Books

Once won't be enough for 'Twice'

Children will want to hear " Once Upon a Twice" by Denise Doyan and illustrated by Barry Moser (Random House, ages 4-7, $16.99) again and again. For some it will be because they loved it; for others because it didn't make sense the first time.

The mice are "scoutaprowl" under a dangerous full moon. Predators lurk everywhere, but the group scurries on until "one mousling jams the middle!" Worst of all, he has put everyone in danger to smell a rose.

Denise Doyan's story is reminiscent of Jabberwocky. Her nonsense words are usually formed by blending sounds and meanings from two or more terms. Her main character "goofiddles" along the trail. A complicated rhyme scheme draws the listener into the story. Barry Moser's dark and foreboding illustrations complement the text perfectly.

If you don't like "Once Upon a Twice" after reading it once, you will after you have read it twice.

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"Christian the Lion" by Anthony (Ace) Bourke and John Rendall (Henry Holt Books, ages 4-8, $16.99) is the latest way to enjoy this amazing true story.

Years ago Ace and John saw a lion cub living in a department store. They decided to give him a better life and took the lion into their home. As the lion grew, however, they realized that the wild of Africa is where he belonged.

You may have read their 1971 book, "A Lion Called Christian," but more likely you have seen one of the YouTube videos. This picture book shares the story in a format appealing to children. Christian tells his own story through a scrapbook. Photographs of the events emphasize that this really happened.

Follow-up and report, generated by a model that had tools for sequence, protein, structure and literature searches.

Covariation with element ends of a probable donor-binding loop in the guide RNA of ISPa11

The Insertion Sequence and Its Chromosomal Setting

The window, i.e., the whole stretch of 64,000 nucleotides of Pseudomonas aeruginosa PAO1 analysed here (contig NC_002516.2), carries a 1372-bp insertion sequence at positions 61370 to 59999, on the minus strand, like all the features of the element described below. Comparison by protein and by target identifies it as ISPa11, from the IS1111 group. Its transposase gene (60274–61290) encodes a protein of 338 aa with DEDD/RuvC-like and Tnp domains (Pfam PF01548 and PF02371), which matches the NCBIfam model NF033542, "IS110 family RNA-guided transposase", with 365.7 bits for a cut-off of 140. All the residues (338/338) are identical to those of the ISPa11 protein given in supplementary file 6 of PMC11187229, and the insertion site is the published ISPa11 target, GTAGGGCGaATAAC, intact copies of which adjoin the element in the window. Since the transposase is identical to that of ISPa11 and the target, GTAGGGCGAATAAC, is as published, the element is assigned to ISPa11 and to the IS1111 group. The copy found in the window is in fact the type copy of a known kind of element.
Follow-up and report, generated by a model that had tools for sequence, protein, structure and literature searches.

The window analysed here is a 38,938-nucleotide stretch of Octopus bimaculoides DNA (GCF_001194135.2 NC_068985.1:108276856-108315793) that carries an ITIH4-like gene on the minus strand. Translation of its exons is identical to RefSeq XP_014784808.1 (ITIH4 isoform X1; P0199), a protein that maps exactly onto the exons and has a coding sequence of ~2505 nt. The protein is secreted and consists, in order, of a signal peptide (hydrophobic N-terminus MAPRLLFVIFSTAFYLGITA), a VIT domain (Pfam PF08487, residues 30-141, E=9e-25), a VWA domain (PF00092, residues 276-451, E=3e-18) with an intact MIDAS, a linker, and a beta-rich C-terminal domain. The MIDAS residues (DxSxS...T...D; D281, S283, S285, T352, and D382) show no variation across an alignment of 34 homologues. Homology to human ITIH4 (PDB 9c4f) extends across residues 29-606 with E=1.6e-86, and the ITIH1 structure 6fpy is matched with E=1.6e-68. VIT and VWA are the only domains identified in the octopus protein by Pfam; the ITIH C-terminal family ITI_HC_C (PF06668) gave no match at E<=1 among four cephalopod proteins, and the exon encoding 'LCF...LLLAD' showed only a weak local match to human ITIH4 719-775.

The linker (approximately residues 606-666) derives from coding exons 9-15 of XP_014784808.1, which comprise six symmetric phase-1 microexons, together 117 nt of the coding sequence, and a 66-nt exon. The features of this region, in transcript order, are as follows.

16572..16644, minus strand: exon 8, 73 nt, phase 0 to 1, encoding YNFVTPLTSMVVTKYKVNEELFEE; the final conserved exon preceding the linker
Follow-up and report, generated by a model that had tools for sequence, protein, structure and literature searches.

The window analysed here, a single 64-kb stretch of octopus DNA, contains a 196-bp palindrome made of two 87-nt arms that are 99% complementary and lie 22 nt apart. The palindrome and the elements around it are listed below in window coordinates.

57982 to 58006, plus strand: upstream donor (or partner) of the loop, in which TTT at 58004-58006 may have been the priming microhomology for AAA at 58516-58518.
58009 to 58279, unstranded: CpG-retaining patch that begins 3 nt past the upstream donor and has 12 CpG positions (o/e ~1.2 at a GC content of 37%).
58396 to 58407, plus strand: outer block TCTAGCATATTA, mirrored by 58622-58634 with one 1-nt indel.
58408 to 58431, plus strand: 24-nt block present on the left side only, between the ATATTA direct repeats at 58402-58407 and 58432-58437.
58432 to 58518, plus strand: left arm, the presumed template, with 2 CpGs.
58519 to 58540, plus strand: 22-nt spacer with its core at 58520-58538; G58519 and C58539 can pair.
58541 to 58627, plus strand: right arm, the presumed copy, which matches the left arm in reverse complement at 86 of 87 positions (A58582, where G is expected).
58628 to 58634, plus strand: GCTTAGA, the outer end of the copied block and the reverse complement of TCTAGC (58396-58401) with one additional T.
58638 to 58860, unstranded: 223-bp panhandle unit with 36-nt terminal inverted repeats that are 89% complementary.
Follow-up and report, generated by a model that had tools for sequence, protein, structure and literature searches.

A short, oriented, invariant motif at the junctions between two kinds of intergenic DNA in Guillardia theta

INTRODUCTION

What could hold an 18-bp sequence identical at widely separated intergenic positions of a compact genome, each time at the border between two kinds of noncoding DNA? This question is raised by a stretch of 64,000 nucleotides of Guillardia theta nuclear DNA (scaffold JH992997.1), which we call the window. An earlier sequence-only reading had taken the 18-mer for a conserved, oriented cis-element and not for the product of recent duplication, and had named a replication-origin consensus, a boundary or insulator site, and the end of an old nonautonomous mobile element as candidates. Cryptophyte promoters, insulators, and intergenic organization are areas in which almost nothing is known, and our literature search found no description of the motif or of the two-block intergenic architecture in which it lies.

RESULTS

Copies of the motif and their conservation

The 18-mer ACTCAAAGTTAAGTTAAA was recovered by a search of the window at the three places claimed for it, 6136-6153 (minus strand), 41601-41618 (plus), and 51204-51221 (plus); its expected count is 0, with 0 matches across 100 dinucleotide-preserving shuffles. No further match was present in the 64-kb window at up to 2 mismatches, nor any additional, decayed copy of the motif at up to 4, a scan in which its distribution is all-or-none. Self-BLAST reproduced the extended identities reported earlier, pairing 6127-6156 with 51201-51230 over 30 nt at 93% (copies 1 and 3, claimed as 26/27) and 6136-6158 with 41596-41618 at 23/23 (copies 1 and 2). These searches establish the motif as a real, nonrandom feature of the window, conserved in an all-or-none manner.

"Christian the Lion" shows the power of friendship and the importance of caring for all creatures of our world.

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"14 Cows for America," written by Carmen Agra Deedy with illustrations by Thomas Gonzalez and in collaboration with Kimeli Naiyoham (Peachtree Publishers, ages 6-10, $17.95), tells how a village in Kenya shared with America.

Kimeli Naiyoham was a student visiting New York City on Sept. 11, 2001. When he told the horrible events to his Maasai tribe, he closed by asking permission to give his only cow as a sacred gift of comfort to the American people. The elders agreed to that and much more.

Carman Agra Deedy shares Kimeli Naiyoham's story with amazing clarity for such sparse text. The illustrations by Thomas Gonzalez are rich in detail and emotion, balancing dark and bright colors. Kimeli tells of his background and explains more of the Maasai traditions central to the story in a note at the end of the book.

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